Human Rights Treaty Bodies: The human rights treaty bodies are committees of independent experts that monitor implementation of the core international human rights treaties
Special Procedures: The special procedures of the Human Rights Council are prominent, independent experts working on a voluntary basis, who examine, monitor, publicly report and advise on human rights from a thematic or country-specific perspective.
UNDG-HRM: The UN Development Group’s Human Rights Mainstreaming Mechanism (UNDG-HRM) advances human rights mainstreaming efforts within the UN development system. 
Special Advisers on the Prevention of Genocide and the Responsibility to Protect: The Special Adviser on the Prevention of Genocide acts as a catalyst to raise awareness of the causes and dynamics of genocide, to alert relevant actors where there is a risk of genocide, and to advocate and mobilize for appropriate action; the Special Adviser on the Responsibility to Protect leads the conceptual, political, institutional and operational development of the Responsibility to Protect.

G. What legal instruments help the UN protect human rights?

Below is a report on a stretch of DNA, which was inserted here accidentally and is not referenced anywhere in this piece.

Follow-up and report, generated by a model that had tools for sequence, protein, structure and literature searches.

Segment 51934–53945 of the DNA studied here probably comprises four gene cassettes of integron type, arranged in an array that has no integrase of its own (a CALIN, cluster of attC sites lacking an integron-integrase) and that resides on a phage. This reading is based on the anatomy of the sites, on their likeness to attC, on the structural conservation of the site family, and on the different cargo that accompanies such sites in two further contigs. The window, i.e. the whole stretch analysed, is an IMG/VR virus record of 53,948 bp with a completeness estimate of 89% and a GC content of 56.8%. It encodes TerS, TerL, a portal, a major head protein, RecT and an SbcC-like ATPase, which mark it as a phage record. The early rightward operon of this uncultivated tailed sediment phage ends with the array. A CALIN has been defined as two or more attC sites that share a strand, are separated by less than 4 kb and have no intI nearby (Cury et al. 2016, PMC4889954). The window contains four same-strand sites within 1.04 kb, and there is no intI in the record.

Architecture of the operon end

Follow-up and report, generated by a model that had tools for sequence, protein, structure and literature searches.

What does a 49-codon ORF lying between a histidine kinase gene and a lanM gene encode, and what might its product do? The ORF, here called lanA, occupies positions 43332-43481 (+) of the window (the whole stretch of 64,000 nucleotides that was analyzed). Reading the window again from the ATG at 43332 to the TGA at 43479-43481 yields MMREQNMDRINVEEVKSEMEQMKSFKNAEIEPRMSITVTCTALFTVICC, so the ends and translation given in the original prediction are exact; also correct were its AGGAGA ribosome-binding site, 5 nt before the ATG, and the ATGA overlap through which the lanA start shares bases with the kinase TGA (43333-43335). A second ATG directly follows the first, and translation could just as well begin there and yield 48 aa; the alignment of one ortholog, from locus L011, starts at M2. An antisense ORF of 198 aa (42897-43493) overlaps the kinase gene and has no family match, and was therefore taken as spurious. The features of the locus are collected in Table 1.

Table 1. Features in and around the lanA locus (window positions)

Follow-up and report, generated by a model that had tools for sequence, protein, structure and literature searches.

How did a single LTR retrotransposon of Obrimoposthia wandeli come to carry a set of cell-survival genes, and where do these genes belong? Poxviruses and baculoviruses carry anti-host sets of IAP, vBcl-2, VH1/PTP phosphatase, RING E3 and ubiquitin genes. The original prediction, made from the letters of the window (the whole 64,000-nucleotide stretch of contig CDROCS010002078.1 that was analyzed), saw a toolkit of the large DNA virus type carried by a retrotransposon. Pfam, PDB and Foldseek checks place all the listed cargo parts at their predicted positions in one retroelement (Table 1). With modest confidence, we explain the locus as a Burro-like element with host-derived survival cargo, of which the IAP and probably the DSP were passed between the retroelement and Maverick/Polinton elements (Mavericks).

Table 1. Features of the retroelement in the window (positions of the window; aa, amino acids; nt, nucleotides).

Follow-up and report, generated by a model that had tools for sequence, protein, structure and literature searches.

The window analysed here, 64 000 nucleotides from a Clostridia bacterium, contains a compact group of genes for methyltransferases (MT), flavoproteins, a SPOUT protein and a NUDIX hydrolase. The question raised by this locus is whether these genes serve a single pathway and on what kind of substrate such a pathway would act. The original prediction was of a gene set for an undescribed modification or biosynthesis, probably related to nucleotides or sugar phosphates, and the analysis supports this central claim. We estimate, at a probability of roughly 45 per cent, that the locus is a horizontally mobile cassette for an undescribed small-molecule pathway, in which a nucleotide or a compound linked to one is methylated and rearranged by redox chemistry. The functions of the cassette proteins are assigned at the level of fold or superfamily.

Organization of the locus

The International Bill of Human Rights: The Universal Declaration of Human Rights (1948) was the first legal document protecting universal human rights.   Together with the International Covenant on Civil and Political Rights and the International Covenant on Economic, Social and Cultural Rights, the three instruments form the so-called International Bill of Human Rights. A series of international human rights treaties and other instruments adopted since 1945 have expanded the body of international human rights law.
Democracy: Democracy, based on the rule of law, is ultimately a means to achieve international peace and security, economic and social progress and development, and respect for human rights – the three pillars of the United Nations mission as set forth in the UN Charter. At the 2005 World Summit, all the world’s governments reaffirmed “that democracy is a universal value based on the freely expressed will of people to determine their own political, economic, social and cultural systems and their full participation in all aspects of their lives” and stressed “that democracy, development and respect for all human rights and fundamental freedoms are interdependent and mutually reinforcing”. Democratic principles are woven throughout the normative fabric of the United Nations. The 2009 Guidance Note on Democracy of the Secretary-General sets out the United Nations framework for democracy based on universal principles, norms and standards and commits the Organization to principled, coherent and consistent action in support of democracy.